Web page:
In May 2017, I had the opportunity to document a male Olive-backed Sunbird (Cinnyris jugularis) stealing nectar from flowers of the ornamental banana plant, Musa ornata.
All my attention was then focused on how the sunbird probed its sharp bill through the lower portion of the flowers to get at the nectar. After all, its bill is too short to reach the nectar when probing through the top of the flower, unlike that of the spiderhunter.
Seven months later when I was screening my video clips to produce a video-greeting for Christmas and the New Year, I came across the earlier clip. Only when I was working on the clip to include a musical message did I notice a patch of orange under its wings when the sunbird was moving around the flowers (above). Slowing down the relevant portions helped to further focus attention on the patch. It was only then that I realised that what I was seeing was the pectoral tuft (below).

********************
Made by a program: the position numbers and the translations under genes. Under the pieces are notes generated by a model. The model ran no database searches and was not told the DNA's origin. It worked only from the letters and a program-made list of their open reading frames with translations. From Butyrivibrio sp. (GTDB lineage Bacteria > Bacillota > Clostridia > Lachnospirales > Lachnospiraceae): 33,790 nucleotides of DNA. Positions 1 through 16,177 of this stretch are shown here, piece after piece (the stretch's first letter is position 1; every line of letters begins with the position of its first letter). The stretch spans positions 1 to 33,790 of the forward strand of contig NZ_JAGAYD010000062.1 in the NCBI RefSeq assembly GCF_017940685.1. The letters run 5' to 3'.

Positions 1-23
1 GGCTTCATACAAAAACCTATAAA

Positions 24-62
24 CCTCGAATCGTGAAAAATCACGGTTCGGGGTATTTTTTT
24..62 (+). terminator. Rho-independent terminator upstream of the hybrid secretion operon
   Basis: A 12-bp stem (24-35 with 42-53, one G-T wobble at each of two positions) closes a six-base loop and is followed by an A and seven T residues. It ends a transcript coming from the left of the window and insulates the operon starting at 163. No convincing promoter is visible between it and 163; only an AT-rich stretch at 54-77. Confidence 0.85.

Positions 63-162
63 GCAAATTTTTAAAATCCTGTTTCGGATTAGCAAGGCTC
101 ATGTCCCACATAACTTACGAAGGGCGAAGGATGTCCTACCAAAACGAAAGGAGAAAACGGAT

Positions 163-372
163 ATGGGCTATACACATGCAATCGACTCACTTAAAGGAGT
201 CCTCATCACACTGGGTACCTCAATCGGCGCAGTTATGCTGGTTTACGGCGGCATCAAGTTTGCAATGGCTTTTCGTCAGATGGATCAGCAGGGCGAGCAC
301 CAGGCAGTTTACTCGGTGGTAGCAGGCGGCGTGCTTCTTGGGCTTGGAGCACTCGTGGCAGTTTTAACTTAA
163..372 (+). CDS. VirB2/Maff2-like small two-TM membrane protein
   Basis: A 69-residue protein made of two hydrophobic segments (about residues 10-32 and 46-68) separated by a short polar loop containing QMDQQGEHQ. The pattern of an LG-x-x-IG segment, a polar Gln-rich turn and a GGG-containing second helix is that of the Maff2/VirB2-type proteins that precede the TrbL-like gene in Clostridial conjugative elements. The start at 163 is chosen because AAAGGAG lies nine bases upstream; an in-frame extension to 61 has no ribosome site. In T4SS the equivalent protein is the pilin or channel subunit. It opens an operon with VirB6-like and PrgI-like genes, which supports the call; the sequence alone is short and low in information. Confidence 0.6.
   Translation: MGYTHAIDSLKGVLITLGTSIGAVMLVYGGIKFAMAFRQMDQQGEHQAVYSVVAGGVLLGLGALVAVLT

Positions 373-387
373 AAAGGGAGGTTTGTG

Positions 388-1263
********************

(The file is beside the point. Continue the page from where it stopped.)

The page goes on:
The male Olive-backed Sunbird has a pair of pectoral tuft that is prominently displayed during courtship. It is claimed that they only develop during the breeding season LINK.
When the male sunbird is not courting, the pair of pectoral tufts is hidden under the wings. The rapid movements of the wings may expose the orange tufts and this was captured by my video above.
Taking pectoral tufts documentation one step further, it would be interesting to find out whether these pectoral tufts are really absent during non-breeding periods. The fact that these orange patches are well hidden and usually not noticed unless they are exposed during courtship may contribute to such belief.
24th December 2017